Today, a senior producer from a regional television station contacted me about Truck Safety in North Carolina. She started the conversation off by noting how many recent tractor-trailer accidents appear to be the result of either truck driver fatigue or unsafe truck equipment.
The producer told me that she was working on an upcoming program that will focus on truck safety and how some truck driver's and truck company's failure to be safe have seriously injured or killed North Carolina citizens. She wanted to know if I had any former clients whom I thought would be willing to be interviewed for her news article. One case immediately popped into my mind. The case was against a motor carrier called the Pate-Dawson Company.
One evening a few years ago on a dark rural highway outside of Goldsboro, NC, a tractor-trailer truck owned by restaurant food distributor Pate-Dawson Company ran over a young boy on a bicycle. At the time, the boy was riding his bicycle on the side of a two lane road outside of Goldsboro. The tractor-trailer came up from behind and ran him over.
After the wreck, the truck driver lied and told the police that the bike had darted-out from a side road into the highway, and that he had no time to react. The truck driver also lied and told the Trooper that he had only been on duty for 11 hours at the time of the wreck. The truck driver lied again telling the Trooper that his on-board electronic computer (black box) was not working and contained no electronic data about the crash. This information was confirmed to the Trooper by several company executives (including the owner) who rushed to the scene trying to perform damage control.
When the investigating State Trooper looked inside the cab of the big rig, he found two separate driver's daily log books. In the truck business, this conclusively shows that a truck driver is trying to beat the system and driver more hours than the law allows. The Trooper charged the driver with falsifying his logs.The Trooper did not charge the driver with anything else at the time because all he had to go on was the trucker's and company executives' word. Little did the Trooper know that everything he had been told was a bald-faced lie.
We were extremely lucky in this case in that after the crash, a cousin of the young boy who had worked in the trucking business applied for and took a job as a dispatcher at the company that owned the tractor-trailer - Pate Dawson Company (PDC). His sole goal was to find out what happened to his younger cousin. As a dispatcher, the cousin secretly investigated the crash and discovered the hidden electronic evidence proving the truck driver had been on duty and driving for 23.5 hours at the time of the wreck. When the family showed the Trooper what the cousin had found, the Trooper re-opened the investigation and did a reconstruction of the crash - concluding that the truck driver could have seen the young as far back as 1200 feet from the point of impact - significantly more than enough distance to stop a tractor-trailer that's going 55 mph.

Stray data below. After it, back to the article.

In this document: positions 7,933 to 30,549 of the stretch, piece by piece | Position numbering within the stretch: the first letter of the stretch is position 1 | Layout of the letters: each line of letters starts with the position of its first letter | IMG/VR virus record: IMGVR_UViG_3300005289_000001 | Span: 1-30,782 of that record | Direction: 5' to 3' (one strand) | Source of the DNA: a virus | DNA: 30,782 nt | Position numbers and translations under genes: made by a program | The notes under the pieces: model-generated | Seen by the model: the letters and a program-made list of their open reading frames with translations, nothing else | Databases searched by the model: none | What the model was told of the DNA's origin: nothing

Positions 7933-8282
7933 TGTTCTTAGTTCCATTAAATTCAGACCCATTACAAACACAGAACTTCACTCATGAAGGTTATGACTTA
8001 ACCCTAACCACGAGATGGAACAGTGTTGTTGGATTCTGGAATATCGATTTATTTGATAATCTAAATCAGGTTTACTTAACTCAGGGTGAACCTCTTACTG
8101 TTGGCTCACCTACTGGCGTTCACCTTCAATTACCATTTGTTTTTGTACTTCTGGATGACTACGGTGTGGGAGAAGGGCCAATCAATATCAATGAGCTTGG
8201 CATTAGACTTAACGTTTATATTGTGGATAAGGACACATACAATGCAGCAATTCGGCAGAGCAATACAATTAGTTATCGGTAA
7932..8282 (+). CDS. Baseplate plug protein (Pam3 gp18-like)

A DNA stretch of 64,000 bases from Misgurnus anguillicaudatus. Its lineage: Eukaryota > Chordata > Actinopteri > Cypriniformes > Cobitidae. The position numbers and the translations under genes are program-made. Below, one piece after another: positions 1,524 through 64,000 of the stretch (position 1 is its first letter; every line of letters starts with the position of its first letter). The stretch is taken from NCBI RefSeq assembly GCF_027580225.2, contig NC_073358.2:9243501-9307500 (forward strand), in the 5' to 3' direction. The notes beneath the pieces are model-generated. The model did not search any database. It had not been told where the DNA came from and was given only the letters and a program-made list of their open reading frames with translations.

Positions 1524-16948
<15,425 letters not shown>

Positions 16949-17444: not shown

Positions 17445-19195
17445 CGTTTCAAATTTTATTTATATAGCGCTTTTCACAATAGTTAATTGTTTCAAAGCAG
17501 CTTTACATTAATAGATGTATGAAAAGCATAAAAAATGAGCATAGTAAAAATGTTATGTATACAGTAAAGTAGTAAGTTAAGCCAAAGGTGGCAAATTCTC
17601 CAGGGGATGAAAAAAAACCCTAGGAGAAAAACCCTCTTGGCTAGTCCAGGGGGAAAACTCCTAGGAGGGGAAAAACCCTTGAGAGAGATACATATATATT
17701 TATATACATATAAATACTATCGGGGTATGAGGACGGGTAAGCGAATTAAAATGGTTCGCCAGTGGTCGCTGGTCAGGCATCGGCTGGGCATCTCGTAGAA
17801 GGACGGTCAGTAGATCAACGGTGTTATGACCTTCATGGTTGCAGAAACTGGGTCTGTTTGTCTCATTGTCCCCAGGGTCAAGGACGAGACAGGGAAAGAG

The parents of the boy hired us approximately 2 years after the truck accident. Our team of experts thoroughly investigated the case and conclusively proved that the boy did not dart-out from a side road, that the collision actually took place just outside of the truck's lane of travel - on the shoulder, that the truck driver was speeding (73 in a 55 mph zone) when he struck the bicycle, and that the trucker had been on duty for 23.5 hours when the fatal collision occurred. Most importantly, we were able to show that the truck driver's employer not only knew about his numerous safety violations, but it encouraged, endorsed and at times demanded it.
During litigation, we uncovered unbelievable information about how this motor carrier had thumbed its nose at the Federal Motor Carrier Safety Administration by not adhering to the hours of service regulations. We discovered internal company memos that showed this particular driver had been found to be "habitually driving more hours that the law allowed," and one manager at the company tried to persuade the President of PDC, Matt Sullivan, Jr., to put a stop to the illegal driving, but Matt Sullivan refused and knowingly kept putting this and other illegal drivers back on the road. A significant number of this company's tractor-trailer drivers were driving over the legal hours limit and had been for years. Unfortunately, this boy's death was the result of their refusal to operate safely and within the law.
Not surprisingly, the case settled as it neared the courtroom. At the time of the settlement conference, the owner of the company told the boy's father that his company had been doing some things it should have not been doing, and that they had changed their (evil) ways. It is just horrible that someone had to die and a family had to be torn apart for the truck company to understand why these safety laws are in place. Sadly, if the cousin had not gone undercover and discovered the damning evidence, the truck company would have completely gotten away with reckless homicide.
After confirming the television producer's credentials, I contacted the young boy's parents and they agreed to participate in the news report and tell their story. The senior TV producer says the parents' story is compelling and the news article will air in a few weeks. I will try to post an update as to the program's date and time. It should be interesting....
Brian Davis is recognized as one of the nation's top experts in serious truck accident injury cases. He serves as a national adviser for the Association of Plaintiffs Interstate Trucking Lawyers of America and is a member of the Interstate Truck Litigation Group of the American Association for Justice. Attorney Davis' goal is to help reduce the number of preventable truck accident cases in North Carolina.